Sean Thomas is a physician from the Orbit of Schwarz. We met first at Handworks 2013, when my compewder threw a tantrum just before the Studley presentation there, and whether by sweet promises or dire threats, Sean got the stupid machine to behave itself. Sean was another volunteer enthusiastic to be part of the history-making experience of bringing Studley to the public, and was part of the project every step of the way. His new friendship is one of the treasures I have collected along the path to this project’s completion.
There are no doubt other Heroes who should be profiled here — my collaborators at LAP, researchers JohnC and ElizabethC, to name a few — but I wanted to put, er, a face on the faces you saw alongside me in Cedar Rapids.
Without them it would not have happened. Thank you all. Your accounts in the First Bank of Don are brimming.
Here iare some more photos from the Gallery of Heroes
Mike, Sharon, and RickB installing a quarter ton of vises on the replica bench top.
RickP getting the crate with the tool cabinet ready for removing and installing Studley’s masterpiece.
Mike, Sharon, and RickB assembling the replica workbench top’s exhibit stand
Friends old and new enjoying a moment of quiet fellowship during a lull in the proceedings.
Mike and RickB readying themselves for the wave of Studley fanatics.
Derek and Mike laughing about something just before the doors opened for the first session on Friday morning.
While it seemed to me that the final afternoon of the exhibit The Henry O. Studley Tool Cabinet and Workbench was about four years after it opened at the Scottish Rite Temple, it was in fact only four days after installation. Jameel Abraham’s snapshot of me in the final hours of the show pretty much says it all.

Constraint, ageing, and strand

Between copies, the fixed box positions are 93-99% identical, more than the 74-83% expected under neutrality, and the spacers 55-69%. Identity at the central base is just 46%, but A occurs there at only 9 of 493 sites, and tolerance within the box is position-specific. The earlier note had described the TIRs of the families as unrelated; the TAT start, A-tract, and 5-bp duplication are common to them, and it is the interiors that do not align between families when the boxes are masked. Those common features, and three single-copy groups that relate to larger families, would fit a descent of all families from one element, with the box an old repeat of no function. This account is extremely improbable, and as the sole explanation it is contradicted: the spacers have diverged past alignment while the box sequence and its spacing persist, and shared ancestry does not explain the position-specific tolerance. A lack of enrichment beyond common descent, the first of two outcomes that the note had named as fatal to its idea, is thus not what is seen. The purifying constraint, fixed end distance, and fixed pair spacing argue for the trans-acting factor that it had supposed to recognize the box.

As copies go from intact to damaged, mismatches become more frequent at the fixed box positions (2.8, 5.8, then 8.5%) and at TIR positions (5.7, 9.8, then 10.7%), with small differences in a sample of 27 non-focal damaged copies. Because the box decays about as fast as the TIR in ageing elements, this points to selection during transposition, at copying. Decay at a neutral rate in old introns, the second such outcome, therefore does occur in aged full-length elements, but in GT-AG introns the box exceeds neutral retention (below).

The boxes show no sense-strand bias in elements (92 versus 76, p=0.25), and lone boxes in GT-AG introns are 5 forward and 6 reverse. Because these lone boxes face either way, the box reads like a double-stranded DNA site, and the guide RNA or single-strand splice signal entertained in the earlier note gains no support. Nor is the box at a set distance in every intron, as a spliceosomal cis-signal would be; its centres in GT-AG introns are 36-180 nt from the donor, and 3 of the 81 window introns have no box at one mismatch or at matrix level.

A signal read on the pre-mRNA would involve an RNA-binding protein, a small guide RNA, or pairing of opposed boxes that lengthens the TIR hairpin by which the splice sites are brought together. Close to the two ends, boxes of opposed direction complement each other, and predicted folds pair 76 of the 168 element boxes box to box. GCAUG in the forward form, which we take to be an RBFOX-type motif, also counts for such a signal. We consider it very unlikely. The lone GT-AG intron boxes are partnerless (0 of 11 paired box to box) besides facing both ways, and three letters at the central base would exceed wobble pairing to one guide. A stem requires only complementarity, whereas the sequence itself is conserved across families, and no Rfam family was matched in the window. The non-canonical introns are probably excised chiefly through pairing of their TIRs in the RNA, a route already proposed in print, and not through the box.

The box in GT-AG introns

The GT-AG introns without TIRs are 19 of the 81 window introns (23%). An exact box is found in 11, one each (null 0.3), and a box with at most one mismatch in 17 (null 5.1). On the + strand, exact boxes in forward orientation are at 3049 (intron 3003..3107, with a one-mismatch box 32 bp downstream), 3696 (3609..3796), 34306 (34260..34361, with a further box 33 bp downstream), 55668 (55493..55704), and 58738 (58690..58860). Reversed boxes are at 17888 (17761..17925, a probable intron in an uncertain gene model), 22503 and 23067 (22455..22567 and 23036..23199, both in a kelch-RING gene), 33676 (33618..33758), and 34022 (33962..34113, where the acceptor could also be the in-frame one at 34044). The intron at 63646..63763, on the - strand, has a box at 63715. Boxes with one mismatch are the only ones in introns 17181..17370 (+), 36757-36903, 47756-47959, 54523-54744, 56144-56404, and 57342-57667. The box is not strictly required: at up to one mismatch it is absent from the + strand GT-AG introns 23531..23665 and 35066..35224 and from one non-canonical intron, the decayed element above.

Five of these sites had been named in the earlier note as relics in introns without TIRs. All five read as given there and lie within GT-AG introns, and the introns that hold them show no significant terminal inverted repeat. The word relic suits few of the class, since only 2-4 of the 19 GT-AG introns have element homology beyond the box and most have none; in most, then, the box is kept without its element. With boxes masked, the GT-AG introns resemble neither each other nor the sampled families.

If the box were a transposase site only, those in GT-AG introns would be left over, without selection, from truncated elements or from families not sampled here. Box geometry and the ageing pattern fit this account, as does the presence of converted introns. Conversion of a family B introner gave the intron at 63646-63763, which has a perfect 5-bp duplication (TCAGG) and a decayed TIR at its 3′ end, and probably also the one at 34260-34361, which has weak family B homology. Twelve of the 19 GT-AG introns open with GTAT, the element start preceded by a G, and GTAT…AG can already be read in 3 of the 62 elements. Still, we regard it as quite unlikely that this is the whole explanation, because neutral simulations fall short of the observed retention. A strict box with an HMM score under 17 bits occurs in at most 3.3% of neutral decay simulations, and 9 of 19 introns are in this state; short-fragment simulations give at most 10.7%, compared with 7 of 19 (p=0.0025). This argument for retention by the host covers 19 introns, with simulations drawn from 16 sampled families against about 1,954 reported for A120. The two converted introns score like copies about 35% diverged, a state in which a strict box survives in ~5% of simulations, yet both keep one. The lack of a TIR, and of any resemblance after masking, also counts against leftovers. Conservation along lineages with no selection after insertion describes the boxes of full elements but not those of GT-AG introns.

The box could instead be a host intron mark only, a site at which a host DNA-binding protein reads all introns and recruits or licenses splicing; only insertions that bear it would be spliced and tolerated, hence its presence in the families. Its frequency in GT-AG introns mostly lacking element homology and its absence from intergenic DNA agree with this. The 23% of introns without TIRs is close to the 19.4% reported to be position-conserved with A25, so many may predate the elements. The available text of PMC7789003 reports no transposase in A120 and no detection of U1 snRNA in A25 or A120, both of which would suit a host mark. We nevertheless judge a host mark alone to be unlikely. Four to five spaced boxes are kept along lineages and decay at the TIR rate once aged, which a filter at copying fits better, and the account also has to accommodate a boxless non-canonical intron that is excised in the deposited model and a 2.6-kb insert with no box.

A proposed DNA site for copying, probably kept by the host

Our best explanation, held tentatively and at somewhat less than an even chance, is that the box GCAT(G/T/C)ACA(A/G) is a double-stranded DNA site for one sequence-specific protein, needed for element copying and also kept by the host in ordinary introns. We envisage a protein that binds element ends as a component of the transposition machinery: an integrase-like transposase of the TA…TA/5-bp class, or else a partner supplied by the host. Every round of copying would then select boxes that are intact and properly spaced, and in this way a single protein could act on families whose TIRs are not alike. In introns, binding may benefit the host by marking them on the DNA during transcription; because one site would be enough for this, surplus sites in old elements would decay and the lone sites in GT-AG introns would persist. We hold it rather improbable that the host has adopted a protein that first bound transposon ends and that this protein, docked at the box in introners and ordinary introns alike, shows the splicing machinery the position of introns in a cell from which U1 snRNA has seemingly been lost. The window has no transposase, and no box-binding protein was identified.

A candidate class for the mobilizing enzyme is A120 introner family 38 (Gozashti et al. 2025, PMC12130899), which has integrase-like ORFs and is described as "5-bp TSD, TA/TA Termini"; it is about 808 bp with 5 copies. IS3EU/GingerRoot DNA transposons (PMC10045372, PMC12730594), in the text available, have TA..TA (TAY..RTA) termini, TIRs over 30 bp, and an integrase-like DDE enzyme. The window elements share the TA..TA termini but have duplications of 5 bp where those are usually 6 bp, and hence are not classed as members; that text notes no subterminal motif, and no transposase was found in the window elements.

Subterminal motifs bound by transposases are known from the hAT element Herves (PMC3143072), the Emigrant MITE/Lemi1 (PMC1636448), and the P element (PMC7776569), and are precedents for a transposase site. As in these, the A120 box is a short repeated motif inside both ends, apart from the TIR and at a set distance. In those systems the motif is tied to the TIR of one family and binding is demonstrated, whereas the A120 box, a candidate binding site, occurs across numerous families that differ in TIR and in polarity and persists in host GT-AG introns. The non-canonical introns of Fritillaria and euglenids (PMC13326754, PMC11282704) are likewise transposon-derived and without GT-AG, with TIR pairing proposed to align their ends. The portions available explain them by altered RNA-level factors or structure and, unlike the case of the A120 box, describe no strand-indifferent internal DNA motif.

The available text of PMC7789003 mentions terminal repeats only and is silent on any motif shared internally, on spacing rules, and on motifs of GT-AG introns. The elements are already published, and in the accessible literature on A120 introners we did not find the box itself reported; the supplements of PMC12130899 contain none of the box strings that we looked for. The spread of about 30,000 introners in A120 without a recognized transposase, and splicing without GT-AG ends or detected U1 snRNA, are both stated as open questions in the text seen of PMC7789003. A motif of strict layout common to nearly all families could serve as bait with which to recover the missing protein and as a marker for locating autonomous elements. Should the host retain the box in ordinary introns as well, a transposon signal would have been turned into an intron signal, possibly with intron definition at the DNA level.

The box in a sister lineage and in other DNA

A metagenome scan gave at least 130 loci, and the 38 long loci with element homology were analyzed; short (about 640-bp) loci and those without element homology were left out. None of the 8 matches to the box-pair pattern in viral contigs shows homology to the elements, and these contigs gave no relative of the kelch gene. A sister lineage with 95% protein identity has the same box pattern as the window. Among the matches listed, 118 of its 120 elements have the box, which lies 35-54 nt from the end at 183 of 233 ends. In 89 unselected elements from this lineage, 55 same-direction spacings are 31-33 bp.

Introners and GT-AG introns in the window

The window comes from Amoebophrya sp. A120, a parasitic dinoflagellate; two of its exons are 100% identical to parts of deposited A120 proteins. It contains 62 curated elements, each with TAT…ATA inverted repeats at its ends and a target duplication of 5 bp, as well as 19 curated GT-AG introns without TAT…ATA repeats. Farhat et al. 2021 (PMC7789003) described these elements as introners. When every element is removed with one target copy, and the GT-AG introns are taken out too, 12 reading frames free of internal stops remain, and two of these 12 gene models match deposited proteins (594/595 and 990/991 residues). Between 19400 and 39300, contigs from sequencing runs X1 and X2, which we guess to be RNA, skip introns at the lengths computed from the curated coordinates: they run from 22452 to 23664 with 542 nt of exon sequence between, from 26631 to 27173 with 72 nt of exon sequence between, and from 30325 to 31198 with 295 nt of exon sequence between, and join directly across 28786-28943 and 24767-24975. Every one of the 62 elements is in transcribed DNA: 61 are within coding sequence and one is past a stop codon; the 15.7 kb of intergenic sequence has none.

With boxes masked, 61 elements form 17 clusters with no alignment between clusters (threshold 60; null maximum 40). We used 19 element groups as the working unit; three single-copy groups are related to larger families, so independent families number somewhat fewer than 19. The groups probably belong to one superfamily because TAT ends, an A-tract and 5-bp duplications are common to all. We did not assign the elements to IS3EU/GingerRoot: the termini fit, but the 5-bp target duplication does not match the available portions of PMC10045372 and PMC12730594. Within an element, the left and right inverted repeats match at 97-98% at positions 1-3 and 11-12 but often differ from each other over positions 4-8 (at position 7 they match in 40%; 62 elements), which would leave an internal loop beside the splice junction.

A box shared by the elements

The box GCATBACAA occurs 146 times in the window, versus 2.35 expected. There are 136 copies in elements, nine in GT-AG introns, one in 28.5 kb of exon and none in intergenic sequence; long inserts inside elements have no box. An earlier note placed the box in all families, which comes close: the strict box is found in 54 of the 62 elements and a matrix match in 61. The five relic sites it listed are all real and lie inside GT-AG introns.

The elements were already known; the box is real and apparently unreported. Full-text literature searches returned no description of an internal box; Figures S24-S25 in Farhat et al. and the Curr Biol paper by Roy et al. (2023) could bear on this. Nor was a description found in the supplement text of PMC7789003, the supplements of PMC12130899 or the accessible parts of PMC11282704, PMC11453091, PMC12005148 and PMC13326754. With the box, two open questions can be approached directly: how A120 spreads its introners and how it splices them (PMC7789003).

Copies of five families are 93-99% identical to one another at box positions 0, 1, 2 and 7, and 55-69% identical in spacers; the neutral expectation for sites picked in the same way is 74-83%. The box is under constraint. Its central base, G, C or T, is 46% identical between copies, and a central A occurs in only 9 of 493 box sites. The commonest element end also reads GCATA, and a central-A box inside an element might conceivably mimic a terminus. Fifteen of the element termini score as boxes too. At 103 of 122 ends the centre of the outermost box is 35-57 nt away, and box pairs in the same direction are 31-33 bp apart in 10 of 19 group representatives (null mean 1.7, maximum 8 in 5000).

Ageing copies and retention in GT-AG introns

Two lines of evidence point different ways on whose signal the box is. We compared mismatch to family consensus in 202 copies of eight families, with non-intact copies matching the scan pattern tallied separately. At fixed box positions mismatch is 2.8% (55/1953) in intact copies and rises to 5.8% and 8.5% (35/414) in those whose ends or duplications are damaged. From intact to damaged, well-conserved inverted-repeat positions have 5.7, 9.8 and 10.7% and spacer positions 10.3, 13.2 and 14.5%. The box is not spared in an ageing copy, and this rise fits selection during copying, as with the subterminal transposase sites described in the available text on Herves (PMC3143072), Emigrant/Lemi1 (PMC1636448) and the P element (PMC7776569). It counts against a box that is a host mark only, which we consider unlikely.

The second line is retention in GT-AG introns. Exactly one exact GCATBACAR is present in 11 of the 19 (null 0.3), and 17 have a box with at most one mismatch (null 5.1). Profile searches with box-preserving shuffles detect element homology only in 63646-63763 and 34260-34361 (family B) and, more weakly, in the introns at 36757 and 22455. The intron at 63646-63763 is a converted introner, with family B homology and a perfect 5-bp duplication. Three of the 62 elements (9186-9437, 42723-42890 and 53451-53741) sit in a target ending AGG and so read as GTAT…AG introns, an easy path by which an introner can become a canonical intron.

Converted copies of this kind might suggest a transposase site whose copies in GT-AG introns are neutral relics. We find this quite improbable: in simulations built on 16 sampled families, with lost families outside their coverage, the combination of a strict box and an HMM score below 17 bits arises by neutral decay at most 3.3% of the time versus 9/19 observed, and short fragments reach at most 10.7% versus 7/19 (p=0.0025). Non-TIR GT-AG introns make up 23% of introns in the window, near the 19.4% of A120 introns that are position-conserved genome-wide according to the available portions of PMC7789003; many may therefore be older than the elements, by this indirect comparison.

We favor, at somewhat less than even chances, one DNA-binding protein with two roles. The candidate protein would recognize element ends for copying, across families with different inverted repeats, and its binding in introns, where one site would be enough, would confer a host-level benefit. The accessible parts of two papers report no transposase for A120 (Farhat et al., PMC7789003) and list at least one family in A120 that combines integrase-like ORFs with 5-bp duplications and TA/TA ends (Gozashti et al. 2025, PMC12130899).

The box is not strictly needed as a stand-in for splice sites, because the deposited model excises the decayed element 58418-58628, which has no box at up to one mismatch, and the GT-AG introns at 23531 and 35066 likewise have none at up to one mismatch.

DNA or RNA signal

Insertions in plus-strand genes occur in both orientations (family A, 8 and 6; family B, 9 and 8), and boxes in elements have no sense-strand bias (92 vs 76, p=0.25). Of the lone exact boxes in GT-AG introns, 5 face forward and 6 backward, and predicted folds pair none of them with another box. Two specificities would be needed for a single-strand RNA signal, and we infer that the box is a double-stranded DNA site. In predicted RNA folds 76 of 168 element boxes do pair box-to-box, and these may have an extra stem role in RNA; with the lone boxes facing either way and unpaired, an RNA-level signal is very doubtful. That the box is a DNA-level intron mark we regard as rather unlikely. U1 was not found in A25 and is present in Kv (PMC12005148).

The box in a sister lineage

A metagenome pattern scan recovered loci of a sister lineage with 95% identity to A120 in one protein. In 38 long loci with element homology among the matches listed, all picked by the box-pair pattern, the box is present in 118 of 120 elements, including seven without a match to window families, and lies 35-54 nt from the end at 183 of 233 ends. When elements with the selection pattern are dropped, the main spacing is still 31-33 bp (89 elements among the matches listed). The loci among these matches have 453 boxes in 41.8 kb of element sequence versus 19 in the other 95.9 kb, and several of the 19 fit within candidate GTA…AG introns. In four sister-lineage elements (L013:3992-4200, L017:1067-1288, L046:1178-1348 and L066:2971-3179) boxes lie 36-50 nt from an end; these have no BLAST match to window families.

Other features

I knew beforehand that Sunday afternoon would be slow; it was after the rush of Handworks so the overall energy level wold be low, plus the tickets for Sunday afternoon just weren’t selling in advance. Going into the weekend, the final three viewing sessions for the exhibit totaled around thirty tickets, as opposed to the 150 visitor slots for those hours.
By lunch time my energy was flagging a smidge, and when I learned that virtually none of the remaining late afternoon tickets had sold at Handworks, I made the executive decision to reward the hearty survivors with the chance of a lifetime. I announced to the audiences and docents that beginning with the 3PM session, anyone who came in could stay until the very end when we kicked everyone out at 6PM.
This decision re-energized me for some reason, and I charged into the home stretch with renewed vigor. Yes, I was too weary to stand and speak for the whole afternoon, but I could certainly sit and speak at length and many of the patrons came and sat with me as we spoke.
In addition, the “open vitrine” segments got longer and the descriptions and demonstrations more elaborate as we were not facing deadlines of the coming group at the top of next hour. My soliloquys on the cabinet, tools and the tales of HenryO became more “Don-like” as I am wont to take my time in unfolding the narrative under the best of times. And for this afternoon, there was no deadline as the audience and docents knew I wasn’t restricted by time.
The final “open vitrine” session beginning about 5PM was a thing to behold, as I took the time to guide the two dozen remaining stalwarts through the entire tool cabinet contents, showing each tool, opening each compartment including drawers, and removing many of the tools and inner racks for their viewing pleasure. We kept this up until just before 6PM, when we reassembled the case and vitrine, and wished all the visitors farewell.
Then, all the docents and I went out to dinner. On me.
And it was over.
photo courtesy of Narayan Nayar
Friday morning May 15, 2015, saw the fulfillment of a dream in such concrete and veristic terms that it was breathtaking. On that day and through the weekend, I was joined by about a thousand enthusiastic aficionados to share my interest (obsession?) with this over-the-top tool cabinet and its companion workbench.
The plan for the exhibit was for each visitor to have about 50 minutes in the gallery, along with a maximum of 49 other patrons. There were some pleasant surprises along the way, along with the need for constant reminders (mostly to me to keep on track as I could get too wrapped up in the story of Studley; throughout the weekend various docents had the task of pulling the plug on me).